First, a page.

One of the central themes of President Obama’s campaign for reelection in 2012 rested on the proposition that he had essentially defeated al Qaeda. By one count, Obama described al Qaeda as having been “decimated,” “on the path to defeat” or some other variation at least 32 times in the aftermath of the attack on the American consulate in Benghazi. Like so much of what Obama asserts as a matter of course: not true.

Here are three paragraphs in which Hayes and Joscelyn warm to their argument:

In spring 2012, a year after the raid that killed bin Laden and six months before the 2012 presidential election, the Obama administration launched a concerted campaign to persuade the American people that the long war with al Qaeda was ending. In a speech commemorating the anniversary of the raid, John Brennan , Mr. Obama’s top counterterrorism adviser and later his CIA director, predicted the imminent demise of al Qaeda. The next day, on May 1, 2012, Mr. Obama made a bold claim: “The goal that I set—to defeat al Qaeda and deny it a chance to rebuild—is now within our reach.”

The White House provided 17 handpicked documents to the Combatting Terror Center at the West Point military academy, where a team of analysts reached the conclusion the Obama administration wanted. Bin Laden, they found, had been isolated and relatively powerless, a sad and lonely man sitting atop a crumbling terror network.

It was a reassuring portrayal. It was also wrong. And those responsible for winning the war—as opposed to an election—couldn’t afford to engage in such dangerous self-delusion.

The headline puts the argument of the column in the passive voice. It should read “How Obama misled us on al Qaeda’s demise.” Giving the principal credit would make his agency clear, though “misled” might be euphemistic in this case, as Hayes and Jocelyn strongly suggest. Please read the whole thing.

13 questions for Hillary Clinton [Plus one more]

The mainstream media won’t let up on Hillary Clinton (nor should it). Ruth Marcus poses 13 questions about Clinton’s use of private email at the State Department:

1. Why did you make the decision to use a personal email account rather than government email upon becoming secretary of state?

2. Why did you believe this approach was necessary and/or preferable to using an official email account?

3. Did others working for you at the State Department use personal email for government business? If so, please identify them and explain whether their correspondence has been transferred to the State Department.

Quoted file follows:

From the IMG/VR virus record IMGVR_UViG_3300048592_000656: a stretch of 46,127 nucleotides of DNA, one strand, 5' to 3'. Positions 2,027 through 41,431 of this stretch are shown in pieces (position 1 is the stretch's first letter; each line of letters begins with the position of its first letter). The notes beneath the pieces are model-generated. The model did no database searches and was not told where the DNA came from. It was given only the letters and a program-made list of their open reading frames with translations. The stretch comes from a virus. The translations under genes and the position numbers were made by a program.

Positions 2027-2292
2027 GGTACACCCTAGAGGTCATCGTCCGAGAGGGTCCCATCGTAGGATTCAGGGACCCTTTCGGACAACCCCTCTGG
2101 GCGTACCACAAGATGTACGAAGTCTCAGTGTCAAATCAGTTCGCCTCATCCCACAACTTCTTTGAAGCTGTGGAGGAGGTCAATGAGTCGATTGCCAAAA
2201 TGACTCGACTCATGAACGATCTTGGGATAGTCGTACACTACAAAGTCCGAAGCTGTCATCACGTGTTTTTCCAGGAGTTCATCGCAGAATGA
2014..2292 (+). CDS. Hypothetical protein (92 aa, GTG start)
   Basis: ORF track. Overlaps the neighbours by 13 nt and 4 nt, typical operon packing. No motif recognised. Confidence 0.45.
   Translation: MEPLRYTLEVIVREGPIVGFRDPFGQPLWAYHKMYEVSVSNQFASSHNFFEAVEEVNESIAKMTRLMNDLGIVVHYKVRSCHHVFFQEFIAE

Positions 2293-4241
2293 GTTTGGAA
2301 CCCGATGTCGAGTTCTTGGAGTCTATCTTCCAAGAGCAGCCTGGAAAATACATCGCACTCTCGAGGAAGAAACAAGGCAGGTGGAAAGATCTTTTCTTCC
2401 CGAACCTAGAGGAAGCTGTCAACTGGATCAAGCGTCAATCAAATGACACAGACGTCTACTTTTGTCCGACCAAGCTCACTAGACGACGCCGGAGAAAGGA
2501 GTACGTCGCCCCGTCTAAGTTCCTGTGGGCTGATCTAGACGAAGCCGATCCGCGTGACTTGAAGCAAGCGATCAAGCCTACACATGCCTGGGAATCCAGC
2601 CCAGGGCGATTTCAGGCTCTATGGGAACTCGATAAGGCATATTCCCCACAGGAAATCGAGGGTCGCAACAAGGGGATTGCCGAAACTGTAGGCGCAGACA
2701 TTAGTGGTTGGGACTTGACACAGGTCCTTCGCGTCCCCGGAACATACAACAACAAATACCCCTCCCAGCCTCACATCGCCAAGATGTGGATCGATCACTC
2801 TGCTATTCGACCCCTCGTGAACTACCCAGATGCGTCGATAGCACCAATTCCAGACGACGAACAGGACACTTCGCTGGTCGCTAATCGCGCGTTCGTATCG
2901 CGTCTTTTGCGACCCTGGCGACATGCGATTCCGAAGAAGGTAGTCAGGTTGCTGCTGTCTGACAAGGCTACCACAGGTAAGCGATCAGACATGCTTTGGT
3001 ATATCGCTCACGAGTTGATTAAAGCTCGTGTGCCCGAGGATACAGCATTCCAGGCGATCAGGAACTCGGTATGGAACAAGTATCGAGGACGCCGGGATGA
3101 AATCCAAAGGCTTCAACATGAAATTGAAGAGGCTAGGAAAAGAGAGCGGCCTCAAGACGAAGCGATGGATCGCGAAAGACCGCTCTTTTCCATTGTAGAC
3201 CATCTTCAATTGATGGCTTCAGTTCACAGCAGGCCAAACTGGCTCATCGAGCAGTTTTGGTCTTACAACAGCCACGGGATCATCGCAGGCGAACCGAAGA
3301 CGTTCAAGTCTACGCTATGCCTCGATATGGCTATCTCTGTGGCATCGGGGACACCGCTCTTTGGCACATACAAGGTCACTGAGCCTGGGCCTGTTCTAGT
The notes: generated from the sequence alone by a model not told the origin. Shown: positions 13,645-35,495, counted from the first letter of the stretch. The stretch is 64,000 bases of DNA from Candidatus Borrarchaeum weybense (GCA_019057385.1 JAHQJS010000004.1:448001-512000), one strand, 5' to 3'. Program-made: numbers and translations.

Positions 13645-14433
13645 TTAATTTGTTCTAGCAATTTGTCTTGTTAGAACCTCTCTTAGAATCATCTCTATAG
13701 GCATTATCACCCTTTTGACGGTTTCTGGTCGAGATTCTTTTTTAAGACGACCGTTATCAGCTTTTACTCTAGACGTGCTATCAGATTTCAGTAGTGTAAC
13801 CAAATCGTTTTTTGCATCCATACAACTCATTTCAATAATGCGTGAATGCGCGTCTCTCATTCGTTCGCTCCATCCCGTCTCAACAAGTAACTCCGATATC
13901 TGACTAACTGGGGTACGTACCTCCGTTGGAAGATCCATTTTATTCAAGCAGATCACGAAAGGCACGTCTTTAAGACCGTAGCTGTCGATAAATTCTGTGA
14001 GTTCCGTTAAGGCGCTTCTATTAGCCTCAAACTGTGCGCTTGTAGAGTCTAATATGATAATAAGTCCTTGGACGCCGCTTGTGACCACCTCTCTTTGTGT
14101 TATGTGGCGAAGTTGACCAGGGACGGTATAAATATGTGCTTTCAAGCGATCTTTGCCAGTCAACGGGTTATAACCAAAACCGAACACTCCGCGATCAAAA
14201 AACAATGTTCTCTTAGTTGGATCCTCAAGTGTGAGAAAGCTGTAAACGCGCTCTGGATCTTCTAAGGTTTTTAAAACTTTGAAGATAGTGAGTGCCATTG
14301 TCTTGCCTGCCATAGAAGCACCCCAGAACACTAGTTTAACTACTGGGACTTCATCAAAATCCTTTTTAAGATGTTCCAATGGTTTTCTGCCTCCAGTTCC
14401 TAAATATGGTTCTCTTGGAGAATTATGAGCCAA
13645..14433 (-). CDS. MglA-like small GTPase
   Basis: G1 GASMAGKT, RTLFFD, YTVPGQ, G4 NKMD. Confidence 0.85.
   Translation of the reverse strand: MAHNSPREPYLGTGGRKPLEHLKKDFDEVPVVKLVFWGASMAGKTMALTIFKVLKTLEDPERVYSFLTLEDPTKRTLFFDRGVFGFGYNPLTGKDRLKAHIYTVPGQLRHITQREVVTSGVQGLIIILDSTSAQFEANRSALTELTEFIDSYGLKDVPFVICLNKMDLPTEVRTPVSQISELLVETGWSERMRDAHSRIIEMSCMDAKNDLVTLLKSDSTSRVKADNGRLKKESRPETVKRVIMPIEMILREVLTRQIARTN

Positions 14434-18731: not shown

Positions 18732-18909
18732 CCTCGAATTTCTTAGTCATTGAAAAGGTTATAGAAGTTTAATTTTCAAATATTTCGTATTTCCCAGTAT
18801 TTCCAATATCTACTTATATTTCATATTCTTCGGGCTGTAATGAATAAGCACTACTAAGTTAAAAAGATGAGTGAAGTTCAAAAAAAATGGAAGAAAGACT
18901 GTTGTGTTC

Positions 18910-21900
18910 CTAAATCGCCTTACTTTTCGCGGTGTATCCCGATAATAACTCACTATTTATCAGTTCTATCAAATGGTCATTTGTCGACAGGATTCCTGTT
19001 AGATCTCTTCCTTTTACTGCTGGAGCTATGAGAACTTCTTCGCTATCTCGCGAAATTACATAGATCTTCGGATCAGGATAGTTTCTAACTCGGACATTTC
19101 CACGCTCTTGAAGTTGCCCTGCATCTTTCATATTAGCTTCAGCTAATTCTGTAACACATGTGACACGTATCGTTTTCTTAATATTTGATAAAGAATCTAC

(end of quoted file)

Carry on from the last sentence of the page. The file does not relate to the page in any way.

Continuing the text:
4. Would it have been appropriate for others working for you at the State Department to use personal email for official purposes? If not, why does a different standard apply to the secretary?

5. What steps did you or others working on your behalf take before making this decision to determine whether it complied with applicable laws and regulations, and whether your communications would be adequately secured?

6. Specifically, did you consult with officials at the State Department, the White House, or other government agencies to determine whether this approach was permissible?

7. If not, why not, given the obvious questions about compliance with federal disclosure laws and concerns about cybersecurity?

8. If you did consult with officials, what were you advised? Please provide copies of any email or other correspondence/documentation reflecting these consultations.

9. If you were advised that applicable laws and regulations did not permit and/or counseled against the use of private email, why did you decide to proceed with that plan?

10. Please explain how the decision to rely on personal email and not to provide the records until after your departure and after being requested complies with, as your spokesman has said, “the letter and spirit of the rules.”

11. Specifically, C.F.R. 1236.22, which dates from 2009, provides that “agencies that allow employees to send and receive official electronic mail messages using a system not operated by the agency must ensure that Federal records sent or received on such systems are preserved in the appropriate agency recordkeeping system.” What steps did you take to comply with this requirement?